He rocked back on his heels. “That’s what the public relations team said. They had the first officer go on air with me. Kim, too. Said her Southern accent was good for the company image. They wanted you, too, but . . .”
Summer let her head settle back against the pillow. “I’m an unreliable witness whacked-out on pain pills and prone to passing out.”
“They didn’t use those exact words.” He finally came close enough to kiss her, pressing his lips against the top of her head. “Does that hurt?”
“No.” She tilted her face up so he could kiss her on the mouth. “Thank you for the flowers.” She nodded at the bouquet. The rose petals had gone dark and crisp around the edges.
His hand went all the way into the pocket this time, and he started to extract something before he changed his mind and put it back. “Summer. You know I love you.” He sat down next to her on the bed.
“I love you, too,” she forced out.
“How much do you remember about the landing?” he asked.
She finally drew a breath. “What?”
“The doctors won’t tell me much since I’m just your boyfriend and not your husband.”
She stilled. “Uh-huh.”
“And your family isn’t . . . they’re not returning my calls.” He shifted his weight. “I looked up your dad’s office number on the university Web site. His department secretary said he’s out of town. And your mother . . .”
He gazed at her, a glimmer of pity in his eyes.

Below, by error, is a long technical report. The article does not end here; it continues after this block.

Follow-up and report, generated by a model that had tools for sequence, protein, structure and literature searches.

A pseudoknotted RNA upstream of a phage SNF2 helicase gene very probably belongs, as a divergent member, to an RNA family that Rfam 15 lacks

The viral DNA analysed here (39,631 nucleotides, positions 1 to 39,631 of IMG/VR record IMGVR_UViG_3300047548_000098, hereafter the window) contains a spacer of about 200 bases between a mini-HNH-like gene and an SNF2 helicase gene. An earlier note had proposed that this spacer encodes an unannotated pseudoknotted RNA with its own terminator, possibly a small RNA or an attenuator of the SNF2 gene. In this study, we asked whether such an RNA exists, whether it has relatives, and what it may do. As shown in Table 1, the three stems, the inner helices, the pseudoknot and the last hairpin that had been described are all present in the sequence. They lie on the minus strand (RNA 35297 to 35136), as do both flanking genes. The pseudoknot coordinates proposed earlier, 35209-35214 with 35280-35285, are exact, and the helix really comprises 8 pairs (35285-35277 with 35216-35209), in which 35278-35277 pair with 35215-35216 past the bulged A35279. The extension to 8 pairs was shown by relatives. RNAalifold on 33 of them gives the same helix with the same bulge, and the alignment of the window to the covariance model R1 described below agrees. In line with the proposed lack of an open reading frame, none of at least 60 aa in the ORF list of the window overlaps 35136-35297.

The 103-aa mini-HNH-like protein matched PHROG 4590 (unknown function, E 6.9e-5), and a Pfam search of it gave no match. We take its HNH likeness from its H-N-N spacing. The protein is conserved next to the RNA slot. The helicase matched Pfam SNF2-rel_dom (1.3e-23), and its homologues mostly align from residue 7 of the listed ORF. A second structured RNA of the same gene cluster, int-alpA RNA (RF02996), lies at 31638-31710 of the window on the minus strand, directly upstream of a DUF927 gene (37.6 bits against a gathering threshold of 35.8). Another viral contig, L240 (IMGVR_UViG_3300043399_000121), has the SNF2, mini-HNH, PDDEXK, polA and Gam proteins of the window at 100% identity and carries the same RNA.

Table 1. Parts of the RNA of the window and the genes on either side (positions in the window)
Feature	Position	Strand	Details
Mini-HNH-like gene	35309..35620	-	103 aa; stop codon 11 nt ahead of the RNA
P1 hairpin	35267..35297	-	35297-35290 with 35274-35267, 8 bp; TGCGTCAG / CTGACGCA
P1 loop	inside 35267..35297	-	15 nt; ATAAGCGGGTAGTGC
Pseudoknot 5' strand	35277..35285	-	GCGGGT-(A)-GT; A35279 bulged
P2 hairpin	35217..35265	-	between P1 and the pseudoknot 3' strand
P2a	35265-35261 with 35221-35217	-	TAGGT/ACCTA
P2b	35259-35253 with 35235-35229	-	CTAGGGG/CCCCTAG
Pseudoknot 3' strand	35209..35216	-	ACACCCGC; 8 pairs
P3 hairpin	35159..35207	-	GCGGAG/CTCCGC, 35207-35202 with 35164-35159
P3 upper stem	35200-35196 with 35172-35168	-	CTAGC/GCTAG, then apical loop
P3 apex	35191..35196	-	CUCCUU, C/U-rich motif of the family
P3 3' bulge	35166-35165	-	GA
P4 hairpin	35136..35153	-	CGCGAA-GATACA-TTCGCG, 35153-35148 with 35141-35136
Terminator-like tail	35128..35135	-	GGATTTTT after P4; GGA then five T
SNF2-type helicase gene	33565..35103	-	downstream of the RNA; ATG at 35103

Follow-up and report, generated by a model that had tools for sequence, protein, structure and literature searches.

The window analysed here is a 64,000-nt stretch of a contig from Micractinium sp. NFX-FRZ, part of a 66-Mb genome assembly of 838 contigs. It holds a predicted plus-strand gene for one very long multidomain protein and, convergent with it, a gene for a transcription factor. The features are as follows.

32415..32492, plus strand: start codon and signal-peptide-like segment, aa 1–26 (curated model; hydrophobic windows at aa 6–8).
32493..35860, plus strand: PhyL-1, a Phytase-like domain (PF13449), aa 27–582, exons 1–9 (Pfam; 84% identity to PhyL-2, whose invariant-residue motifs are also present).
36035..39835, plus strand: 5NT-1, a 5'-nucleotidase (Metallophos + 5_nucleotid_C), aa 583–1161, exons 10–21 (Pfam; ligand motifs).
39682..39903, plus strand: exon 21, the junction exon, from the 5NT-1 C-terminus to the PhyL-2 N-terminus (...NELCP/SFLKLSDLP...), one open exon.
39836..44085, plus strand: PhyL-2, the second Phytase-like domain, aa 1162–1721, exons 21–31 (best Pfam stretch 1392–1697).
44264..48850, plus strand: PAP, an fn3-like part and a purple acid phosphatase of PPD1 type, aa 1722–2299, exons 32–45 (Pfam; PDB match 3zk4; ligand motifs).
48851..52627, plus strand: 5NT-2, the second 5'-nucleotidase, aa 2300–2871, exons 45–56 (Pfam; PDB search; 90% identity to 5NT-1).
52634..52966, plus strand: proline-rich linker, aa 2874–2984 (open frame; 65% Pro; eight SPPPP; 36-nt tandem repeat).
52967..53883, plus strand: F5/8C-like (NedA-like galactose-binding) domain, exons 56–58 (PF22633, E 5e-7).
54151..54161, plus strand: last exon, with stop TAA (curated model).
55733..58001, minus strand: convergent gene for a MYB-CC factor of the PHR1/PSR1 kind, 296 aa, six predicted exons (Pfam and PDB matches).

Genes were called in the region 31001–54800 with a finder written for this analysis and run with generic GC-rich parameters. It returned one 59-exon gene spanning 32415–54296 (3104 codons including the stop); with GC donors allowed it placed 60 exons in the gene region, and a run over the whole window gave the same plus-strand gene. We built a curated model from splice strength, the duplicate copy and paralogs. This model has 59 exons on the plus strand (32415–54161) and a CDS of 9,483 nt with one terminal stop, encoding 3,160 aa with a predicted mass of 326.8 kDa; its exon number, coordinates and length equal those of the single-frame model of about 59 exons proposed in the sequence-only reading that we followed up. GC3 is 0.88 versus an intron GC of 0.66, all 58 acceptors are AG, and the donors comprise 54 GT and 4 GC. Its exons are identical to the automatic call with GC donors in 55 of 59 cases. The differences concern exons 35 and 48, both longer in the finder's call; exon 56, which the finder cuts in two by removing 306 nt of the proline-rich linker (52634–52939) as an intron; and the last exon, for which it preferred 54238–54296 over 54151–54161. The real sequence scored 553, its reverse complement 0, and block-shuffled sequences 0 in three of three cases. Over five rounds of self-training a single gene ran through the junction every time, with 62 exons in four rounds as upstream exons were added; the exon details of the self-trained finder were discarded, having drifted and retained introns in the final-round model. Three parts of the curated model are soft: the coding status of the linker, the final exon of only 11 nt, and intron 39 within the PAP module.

Summer lifted her chin and stared at the roses.
He waited for her to respond for another long minute, then gave up. “Anyway, from what I’ve managed to get out of the nurses, you don’t remember much.”
“Yeah.” She laced her fingers together and squeezed, wondering where he was going with this. “Everything after takeoff’s a little hazy. They told me one of the engines blew out?”
He nodded. “I had to make an emergency landing. We didn’t have time to circle and dump the fuel, so things got pretty exciting for a minute, but we made it.”
“Is that why I have burns on my back?”
“Like I said, things got a little exciting.”
“But you saved us,” she said. “You’re a hero.”
“You’re the hero,” he corrected. “Once we got back on the ground, people were trying to get out the emergency doors, and a little boy fell in the aisle. You managed to push back the crowd and pull him up.”
Summer suddenly wanted an extra dose of morphine. “I let go of the door handle?”
Aaron nodded. “That’s how you got hurt. You fell onto the tarmac.”
“Which is why we’re not supposed to let go of the door handle.” Summer shook her head. “That’s like, flight attendant 101.” She closed her eyes and concentrated, sifting through her consciousness for any recollection. “I really . . . I can’t remember any of that.”
“The whole thing was over in less than five minutes,” Aaron said. “But those five minutes changed everything.” He reached into his pocket.
She held her breath and waited for him to produce the ring.
And waited. And waited.
He continued to look at her with that wistful expression. “I do love you, Summer.”
“I love you, too.” She smiled. “We’re even.”
He stood up and turned his back to her. “There’s so many things I want to say to you, and I don’t know where to begin.”
She couldn’t stand this any longer. “I know about the ring, Aaron.”